City parks provide walking trails and green space along resacas at places like Paseo de la Resaca Trail System in Brownsville and W.H. Heavin Memorial Park in San Benito. The best opportunity to see a resaca in its natural state is Resaca de la Palma State Park in Brownsville. The park is part of the World Birding Center and annually welcomes about 20,000 visitors to explore the park’s trails and view wildlife from decks over its namesake resaca. More than 300 bird species have been documented in the park.

“We’ve had visitors from as far away as New Zealand come to see green jays and plain chachalacas, which are residential year-round birds,” park Superintendent Kelly Malkowski says. “Earlier this year, we were graced with a very handsome blue bunting, which is a much rarer sighting.”

Benavides grew up on a resaca, then moved away for close to two decades. Now he’s back home with a renewed appreciation for them, and he’s raising his own family on the banks of Brownsville’s Resaca del Rancho Viejo, where his kids love to fish for alligator gar, catfish, tilapia, or whatever will take their hook.

“Resacas were created naturally but are now human-maintained, which benefits those who live here and those who travel here to enjoy all they have to offer,” Benavides says. “Whether you fly or drive into Brownsville, you can’t help but notice the resacas all around you. If you dig a little deeper to truly understand what they are, you’ll appreciate them all the more.”

– Lydia Saldaña

A golden sun over dark palm trees reflecting in clear water
Sunset over Resaca de los Cuates in Los Fresnos. Photo by Erich Schlegel.
Two people stand with binoculars looking at birds above bright green grasses and muddy water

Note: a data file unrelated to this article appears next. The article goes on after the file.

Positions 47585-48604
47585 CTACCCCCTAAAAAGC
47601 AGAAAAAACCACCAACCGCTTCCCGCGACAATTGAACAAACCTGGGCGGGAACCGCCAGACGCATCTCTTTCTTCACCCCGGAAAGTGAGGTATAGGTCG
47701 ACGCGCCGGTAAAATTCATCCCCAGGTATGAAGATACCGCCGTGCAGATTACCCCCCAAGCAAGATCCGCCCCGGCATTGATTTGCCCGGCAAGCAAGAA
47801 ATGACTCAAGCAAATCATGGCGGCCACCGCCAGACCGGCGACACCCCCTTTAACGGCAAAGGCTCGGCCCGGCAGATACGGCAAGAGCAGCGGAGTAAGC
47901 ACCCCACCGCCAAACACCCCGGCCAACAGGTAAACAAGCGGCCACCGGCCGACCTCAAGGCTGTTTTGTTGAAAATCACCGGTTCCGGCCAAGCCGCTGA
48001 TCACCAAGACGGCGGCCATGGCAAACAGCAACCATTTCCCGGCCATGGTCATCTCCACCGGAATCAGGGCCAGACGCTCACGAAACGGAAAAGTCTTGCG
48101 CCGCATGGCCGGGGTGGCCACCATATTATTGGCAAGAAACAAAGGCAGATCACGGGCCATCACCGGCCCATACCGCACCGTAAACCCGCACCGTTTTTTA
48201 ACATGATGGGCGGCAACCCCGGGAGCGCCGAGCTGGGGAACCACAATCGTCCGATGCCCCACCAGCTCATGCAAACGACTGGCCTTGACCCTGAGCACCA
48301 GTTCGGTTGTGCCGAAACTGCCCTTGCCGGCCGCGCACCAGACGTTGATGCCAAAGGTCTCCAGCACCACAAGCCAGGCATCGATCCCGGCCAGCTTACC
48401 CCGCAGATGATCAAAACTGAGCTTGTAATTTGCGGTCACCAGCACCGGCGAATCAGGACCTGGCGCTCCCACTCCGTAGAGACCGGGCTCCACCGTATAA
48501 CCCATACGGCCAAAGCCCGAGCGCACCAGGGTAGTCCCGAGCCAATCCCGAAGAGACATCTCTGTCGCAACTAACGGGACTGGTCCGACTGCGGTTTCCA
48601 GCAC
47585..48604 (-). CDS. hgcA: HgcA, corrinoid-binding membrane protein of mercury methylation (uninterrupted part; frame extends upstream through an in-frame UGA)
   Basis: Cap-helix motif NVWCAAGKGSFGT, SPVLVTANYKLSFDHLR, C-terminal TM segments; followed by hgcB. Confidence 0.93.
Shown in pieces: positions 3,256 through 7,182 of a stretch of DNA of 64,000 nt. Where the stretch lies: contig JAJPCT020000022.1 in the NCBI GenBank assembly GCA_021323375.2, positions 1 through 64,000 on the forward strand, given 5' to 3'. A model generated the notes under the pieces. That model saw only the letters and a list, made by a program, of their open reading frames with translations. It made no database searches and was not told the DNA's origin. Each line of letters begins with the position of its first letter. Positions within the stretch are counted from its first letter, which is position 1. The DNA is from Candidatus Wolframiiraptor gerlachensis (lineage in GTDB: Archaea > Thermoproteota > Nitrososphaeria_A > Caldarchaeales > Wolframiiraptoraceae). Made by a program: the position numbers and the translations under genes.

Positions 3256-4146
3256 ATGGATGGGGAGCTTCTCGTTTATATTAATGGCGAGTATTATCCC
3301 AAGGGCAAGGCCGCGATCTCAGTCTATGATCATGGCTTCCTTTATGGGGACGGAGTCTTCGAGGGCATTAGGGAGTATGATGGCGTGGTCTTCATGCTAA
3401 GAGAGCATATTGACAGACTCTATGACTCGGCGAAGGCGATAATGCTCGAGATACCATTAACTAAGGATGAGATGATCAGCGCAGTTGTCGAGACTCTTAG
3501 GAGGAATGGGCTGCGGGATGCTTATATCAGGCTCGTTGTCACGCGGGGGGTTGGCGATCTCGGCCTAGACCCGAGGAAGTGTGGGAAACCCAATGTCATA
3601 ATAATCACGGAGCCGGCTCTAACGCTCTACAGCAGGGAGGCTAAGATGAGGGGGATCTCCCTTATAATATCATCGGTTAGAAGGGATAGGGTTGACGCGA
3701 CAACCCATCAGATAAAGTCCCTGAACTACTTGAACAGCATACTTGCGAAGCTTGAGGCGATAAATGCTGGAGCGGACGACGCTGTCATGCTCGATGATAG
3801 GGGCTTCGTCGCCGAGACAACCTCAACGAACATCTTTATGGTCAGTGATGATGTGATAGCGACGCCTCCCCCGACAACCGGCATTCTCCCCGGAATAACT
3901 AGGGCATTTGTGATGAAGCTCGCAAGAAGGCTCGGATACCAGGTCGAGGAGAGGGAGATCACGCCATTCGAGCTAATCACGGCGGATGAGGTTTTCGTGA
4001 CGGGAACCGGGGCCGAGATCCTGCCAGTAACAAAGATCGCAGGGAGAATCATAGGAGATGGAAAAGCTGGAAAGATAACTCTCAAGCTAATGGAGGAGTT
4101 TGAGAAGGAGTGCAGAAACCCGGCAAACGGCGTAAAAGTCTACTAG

Birdwatchers at Resaca de la Palma State Park take in sightings of the multitude of resident and migratory birds attracted to resacas. Photo by Erich Schlegel.
The dark eyes of an alligator peek up above green water
An American alligator lurks in a resaca at the Laguna Atascosa National Wildlife Refuge, which encompasses more than 97,000 acres in the Rio Grande Valley. Photo by Seth Patterson.
Bright blue wings with black spots on a butterfly resting on a green leaf
Mexican bluewing butterflies are a common resident of Rio Grande Valley wetlands and resacas in places like Resaca de la Palma State Park and Sabal Palm Sanctuary. Photo by Larry Ditto.
Palm trees lean over clear water beneath a blue sky with small white clouds
Ducks drift in the shadows of palm trees on the Fort Brown Resaca near the University of Texas Rio Grande Valley in Brownsville. Photo by Erich Schlegel.
A gray and red bird with a white ring of feathers around its neck sits on a piece of wood with something in its beak
A ringed kingfisher grapples with its catch from a resaca at Sabal Palm Sanctuary in Brownsville. Photo by Larry Ditto.

From the June 2021 issue
The July 2021 cover of Texas Highways Magazine, "Hill Country Oasis"


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The July 2021 cover of Texas Highways Magazine, "Hill Country Oasis"